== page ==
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Japan's Abe Confirms Corporate Tax Cuts From 2015

by Mary Swire, Tax-News.com, Hong Kong

17 June 2014


Prime Minister Shinzo Abe has confirmed that Japan's effective corporate tax rate will be reduced from its current rate of up to 36 percent to below 30 percent in the next few years. A first cut is expected to occur in the 2015 fiscal year.

Such an announcement had been expected since both the Government's and the ruling Liberal Democratic Party's (LDP) tax panels recently agreed to the policy, although it is unlikely that the Government's program will stipulate that the corporate tax rate should eventually be reduced as far as 25 percent, as had been suggested by the Government tax panel.

While Abe did not indicate the extent of the first rate cut next year, he has agreed with the LDP's tax panel that the Government should find stable future funding to cover the consequent fall in tax collections, so as not to worsen Japan's fiscal deficit and public debt position. The Government aims to return to a primary fiscal balance (not including debt-servicing costs) in 2020.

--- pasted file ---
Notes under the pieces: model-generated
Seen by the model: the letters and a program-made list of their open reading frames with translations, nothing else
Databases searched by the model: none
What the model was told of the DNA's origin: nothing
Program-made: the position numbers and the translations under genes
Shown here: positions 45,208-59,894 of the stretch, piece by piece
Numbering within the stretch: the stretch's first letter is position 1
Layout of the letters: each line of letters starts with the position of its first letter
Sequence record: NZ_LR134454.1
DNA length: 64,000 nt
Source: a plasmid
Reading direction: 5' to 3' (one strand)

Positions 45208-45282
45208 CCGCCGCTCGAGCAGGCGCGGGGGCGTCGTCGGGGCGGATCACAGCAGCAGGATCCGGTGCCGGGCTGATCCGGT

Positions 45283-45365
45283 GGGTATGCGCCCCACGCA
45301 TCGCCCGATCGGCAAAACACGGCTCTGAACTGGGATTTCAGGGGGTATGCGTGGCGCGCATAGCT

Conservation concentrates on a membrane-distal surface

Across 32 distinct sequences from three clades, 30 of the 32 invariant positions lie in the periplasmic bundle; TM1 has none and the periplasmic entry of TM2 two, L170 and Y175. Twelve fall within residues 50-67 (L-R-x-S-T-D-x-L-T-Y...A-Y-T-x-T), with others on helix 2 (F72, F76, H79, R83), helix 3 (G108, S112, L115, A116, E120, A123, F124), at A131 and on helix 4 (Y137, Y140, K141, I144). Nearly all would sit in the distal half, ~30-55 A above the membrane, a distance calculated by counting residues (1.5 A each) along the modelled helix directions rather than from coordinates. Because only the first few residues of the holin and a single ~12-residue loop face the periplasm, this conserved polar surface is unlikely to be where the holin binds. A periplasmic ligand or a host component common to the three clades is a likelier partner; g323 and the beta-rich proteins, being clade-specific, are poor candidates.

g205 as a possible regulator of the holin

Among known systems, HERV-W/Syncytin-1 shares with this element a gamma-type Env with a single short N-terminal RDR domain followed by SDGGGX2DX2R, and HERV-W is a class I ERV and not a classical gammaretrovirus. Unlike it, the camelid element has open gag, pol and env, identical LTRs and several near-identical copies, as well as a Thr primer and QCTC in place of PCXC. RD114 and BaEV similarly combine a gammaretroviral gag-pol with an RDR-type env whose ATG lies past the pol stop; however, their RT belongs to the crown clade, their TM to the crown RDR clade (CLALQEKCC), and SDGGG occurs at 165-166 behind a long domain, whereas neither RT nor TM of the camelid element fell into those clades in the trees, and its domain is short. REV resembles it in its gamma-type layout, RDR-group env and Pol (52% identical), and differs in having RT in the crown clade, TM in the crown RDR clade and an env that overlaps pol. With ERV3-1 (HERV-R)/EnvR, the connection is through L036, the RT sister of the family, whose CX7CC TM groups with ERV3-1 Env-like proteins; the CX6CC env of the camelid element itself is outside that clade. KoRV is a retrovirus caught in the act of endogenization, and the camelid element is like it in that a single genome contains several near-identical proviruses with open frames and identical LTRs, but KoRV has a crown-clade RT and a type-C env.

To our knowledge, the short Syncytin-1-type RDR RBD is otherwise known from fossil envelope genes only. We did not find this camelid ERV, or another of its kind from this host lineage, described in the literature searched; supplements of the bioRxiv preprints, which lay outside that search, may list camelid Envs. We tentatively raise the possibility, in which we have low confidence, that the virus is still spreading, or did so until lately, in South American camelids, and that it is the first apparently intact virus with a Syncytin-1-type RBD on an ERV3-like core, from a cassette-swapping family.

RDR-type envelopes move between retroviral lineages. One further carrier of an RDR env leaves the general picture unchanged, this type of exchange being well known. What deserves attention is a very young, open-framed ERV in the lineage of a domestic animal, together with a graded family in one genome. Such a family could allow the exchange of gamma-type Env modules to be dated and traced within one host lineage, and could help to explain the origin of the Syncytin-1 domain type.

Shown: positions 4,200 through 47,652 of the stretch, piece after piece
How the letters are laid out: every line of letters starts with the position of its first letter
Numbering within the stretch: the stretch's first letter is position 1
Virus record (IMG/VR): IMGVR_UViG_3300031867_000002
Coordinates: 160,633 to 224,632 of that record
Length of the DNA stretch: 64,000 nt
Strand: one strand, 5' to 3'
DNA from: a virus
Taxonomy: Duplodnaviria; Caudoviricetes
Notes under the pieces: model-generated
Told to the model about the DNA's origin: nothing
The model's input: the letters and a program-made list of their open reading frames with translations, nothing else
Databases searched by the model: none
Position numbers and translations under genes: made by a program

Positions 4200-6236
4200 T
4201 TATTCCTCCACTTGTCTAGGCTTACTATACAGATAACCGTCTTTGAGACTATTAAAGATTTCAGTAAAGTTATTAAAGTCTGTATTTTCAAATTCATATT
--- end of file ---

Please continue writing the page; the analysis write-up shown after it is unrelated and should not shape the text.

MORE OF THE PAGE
Corporate tax cuts will now form a major part of the Government's 2015 policy framework, which will concentrate on Abe's promised growth strategies. This framework should be finalized by the end of this month.

It has been suggested that the final corporate tax reform details, to be announced before the end of this year, will ally the tax rate reductions with a broadening of the tax base by restructuring existing tax breaks.

In addition, given that only some 30 percent of Japanese firms currently pay corporate tax, due to previous losses, the Government may adopt a recommendation by the LDP panel that corporate tax revenues could be made more stable in economic downturns. This would involve a change to Japan's corporate tax code, at least in part, from a profit-based system to a size-based system, possibly based on capital utilization.

TAGS: tax | economics | fiscal policy | corporation tax | tax rates | tax breaks | tax reform | Japan

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